Northern Prairie Wildlife Research Center
Arcadia NP, Maine, plus Newburyport, Massachusetts
any birders' favorite summer birding trip includes a cruise to the famous little treeless island 10 miles off the coast of Maine to view and photograph Atlantic Puffins. Machias Seal Island also offers the possibility of viewing Razorbills, Arctic and Common Terns, Leach's Storm Petrels, Common Murres and Great Cormorants -- usually at close range from walking trails and photo-observation blinds. On the cruise to the island, you may see other seabirds like Northern Gannets and an assortment of gulls, petrels and shearwaters. If the ocean is not calm, it may not be possible to land at Machias Seal Island, although the ship captain always tries to get you close enough to view the birds.
After your morning cruise to the puffin isle, stop at one of the great American parks. Acadia National Park protects a stretch of Maine's rugged, rocky coastline and a few outlying islands, with headquarters in Bar Harbor. Mount Desert Island provides a combination of seabirds and warblers during summer. As many as 18 species of warblers nest in the pine woodlands, along with Yellow-bellied Flycatchers, Swainson's Thrushes, Boreal Chickadees, plus Lincoln Sparrows that inhabit the bog wetlands. Along the shorelines, watch for Common Eiders, Black Guillemots, Leach's Storm Petrels, Greater Black-backed Gulls and Herring Gulls. Also watch for three other exciting species -- Bald Eagles, Ospreys and Common Loons.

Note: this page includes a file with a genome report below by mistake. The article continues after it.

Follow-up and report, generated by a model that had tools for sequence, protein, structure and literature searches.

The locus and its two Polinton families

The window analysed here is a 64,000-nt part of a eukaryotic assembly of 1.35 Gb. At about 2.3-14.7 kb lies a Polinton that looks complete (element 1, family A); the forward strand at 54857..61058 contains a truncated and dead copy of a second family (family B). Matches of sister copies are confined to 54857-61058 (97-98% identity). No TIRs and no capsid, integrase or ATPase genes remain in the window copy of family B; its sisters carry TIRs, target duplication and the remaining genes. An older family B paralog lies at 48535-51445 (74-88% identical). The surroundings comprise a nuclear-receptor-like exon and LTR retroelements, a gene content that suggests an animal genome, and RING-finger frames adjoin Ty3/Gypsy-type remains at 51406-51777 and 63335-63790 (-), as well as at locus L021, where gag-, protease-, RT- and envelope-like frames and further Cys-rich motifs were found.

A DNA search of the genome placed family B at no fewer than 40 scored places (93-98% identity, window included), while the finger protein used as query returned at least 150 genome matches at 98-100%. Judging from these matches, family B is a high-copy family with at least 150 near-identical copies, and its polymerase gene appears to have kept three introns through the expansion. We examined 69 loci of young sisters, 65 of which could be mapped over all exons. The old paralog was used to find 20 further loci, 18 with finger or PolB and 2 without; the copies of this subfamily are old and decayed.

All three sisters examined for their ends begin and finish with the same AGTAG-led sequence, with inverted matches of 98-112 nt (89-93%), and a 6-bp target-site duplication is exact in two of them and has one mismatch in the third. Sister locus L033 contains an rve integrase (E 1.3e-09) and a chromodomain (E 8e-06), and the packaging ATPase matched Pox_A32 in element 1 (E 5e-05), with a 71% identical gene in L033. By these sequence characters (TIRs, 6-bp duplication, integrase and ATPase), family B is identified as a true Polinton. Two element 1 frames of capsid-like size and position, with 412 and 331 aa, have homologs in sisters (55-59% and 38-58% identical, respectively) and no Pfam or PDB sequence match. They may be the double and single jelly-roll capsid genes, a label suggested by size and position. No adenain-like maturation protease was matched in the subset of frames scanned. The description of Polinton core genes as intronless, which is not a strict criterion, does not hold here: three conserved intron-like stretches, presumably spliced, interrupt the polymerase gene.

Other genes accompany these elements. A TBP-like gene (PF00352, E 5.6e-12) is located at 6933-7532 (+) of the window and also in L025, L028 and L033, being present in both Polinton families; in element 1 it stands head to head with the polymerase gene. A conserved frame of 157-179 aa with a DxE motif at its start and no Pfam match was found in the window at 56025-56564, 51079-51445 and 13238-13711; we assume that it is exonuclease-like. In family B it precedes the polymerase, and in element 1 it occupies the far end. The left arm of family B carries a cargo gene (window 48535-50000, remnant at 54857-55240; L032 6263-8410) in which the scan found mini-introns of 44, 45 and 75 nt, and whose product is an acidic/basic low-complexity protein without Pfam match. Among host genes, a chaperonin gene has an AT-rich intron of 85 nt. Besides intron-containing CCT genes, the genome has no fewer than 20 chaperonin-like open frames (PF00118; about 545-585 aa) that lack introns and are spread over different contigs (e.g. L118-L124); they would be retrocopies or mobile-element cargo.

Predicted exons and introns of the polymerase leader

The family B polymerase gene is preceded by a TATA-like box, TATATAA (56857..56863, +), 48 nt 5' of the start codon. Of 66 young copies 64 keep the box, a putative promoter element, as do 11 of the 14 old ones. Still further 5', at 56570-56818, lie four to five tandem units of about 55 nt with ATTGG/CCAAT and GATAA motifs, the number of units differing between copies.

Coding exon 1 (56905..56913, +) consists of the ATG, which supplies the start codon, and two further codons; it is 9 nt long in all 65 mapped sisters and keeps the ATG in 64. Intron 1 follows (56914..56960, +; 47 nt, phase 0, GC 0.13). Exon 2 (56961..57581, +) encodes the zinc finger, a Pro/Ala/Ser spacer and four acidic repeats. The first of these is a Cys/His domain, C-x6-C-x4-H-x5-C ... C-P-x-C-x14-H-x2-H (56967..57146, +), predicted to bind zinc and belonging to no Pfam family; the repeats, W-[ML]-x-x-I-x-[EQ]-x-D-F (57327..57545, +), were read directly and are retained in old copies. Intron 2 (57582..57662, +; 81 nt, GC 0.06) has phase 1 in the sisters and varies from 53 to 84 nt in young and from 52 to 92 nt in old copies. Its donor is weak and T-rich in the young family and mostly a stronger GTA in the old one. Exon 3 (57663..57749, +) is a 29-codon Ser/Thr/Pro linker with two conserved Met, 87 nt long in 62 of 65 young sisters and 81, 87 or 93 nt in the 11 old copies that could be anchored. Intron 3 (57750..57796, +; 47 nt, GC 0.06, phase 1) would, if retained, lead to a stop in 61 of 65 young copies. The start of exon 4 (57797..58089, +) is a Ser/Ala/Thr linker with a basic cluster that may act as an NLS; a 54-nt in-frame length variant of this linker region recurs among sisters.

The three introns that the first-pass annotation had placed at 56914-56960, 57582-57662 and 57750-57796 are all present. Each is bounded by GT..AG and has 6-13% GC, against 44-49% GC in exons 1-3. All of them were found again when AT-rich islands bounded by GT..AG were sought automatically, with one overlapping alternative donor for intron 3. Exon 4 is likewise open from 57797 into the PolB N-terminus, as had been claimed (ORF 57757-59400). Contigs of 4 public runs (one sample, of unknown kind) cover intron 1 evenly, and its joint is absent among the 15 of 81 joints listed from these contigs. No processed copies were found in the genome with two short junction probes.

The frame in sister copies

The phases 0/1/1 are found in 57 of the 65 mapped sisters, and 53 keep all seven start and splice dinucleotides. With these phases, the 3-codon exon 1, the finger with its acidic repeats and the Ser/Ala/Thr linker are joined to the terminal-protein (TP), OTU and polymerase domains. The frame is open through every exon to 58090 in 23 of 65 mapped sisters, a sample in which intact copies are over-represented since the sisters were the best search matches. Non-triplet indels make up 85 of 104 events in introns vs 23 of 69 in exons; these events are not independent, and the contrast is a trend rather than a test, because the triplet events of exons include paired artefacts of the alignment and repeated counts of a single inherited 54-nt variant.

Machias Seal Island is the best location in America to see Atlantic Puffins
During winter, Maine birders head just south of the Massachusetts border to Newburyport and Cape Ann. Wintering sea ducks, Brant, alcids and rare gulls -- including an occasional Glaucous or Iceland Gull -- can be found along coastal locations like the mouth of the Merrimack River and Parker River National Wildlife Refuge on Plum Island. Scope for Common and Red-throated Loons, Northern Gannets, Razorbills, Greater Cormorants and Red-necked Grebes, plus Brant, Oldsquaws, Greater Scaup, Barrow's Goldeneyes, Harlequin Ducks, Common Eiders and an occasional King Eider. Look for Snow Buntings and Rock Sandpipers and other wintering species, and be aware of the possibility of seeing a rare Snowy Owl -- although Short-eared Owls are more commonly found. Shorebirds are also common during late summer and early fall. Contact: Acadia NP (207) 288-3338; Parker River NWR (508) 465-5753; Captain Barna Norton (207) 497-5933; and Captain Andrew Patterson (207) 259-4484.
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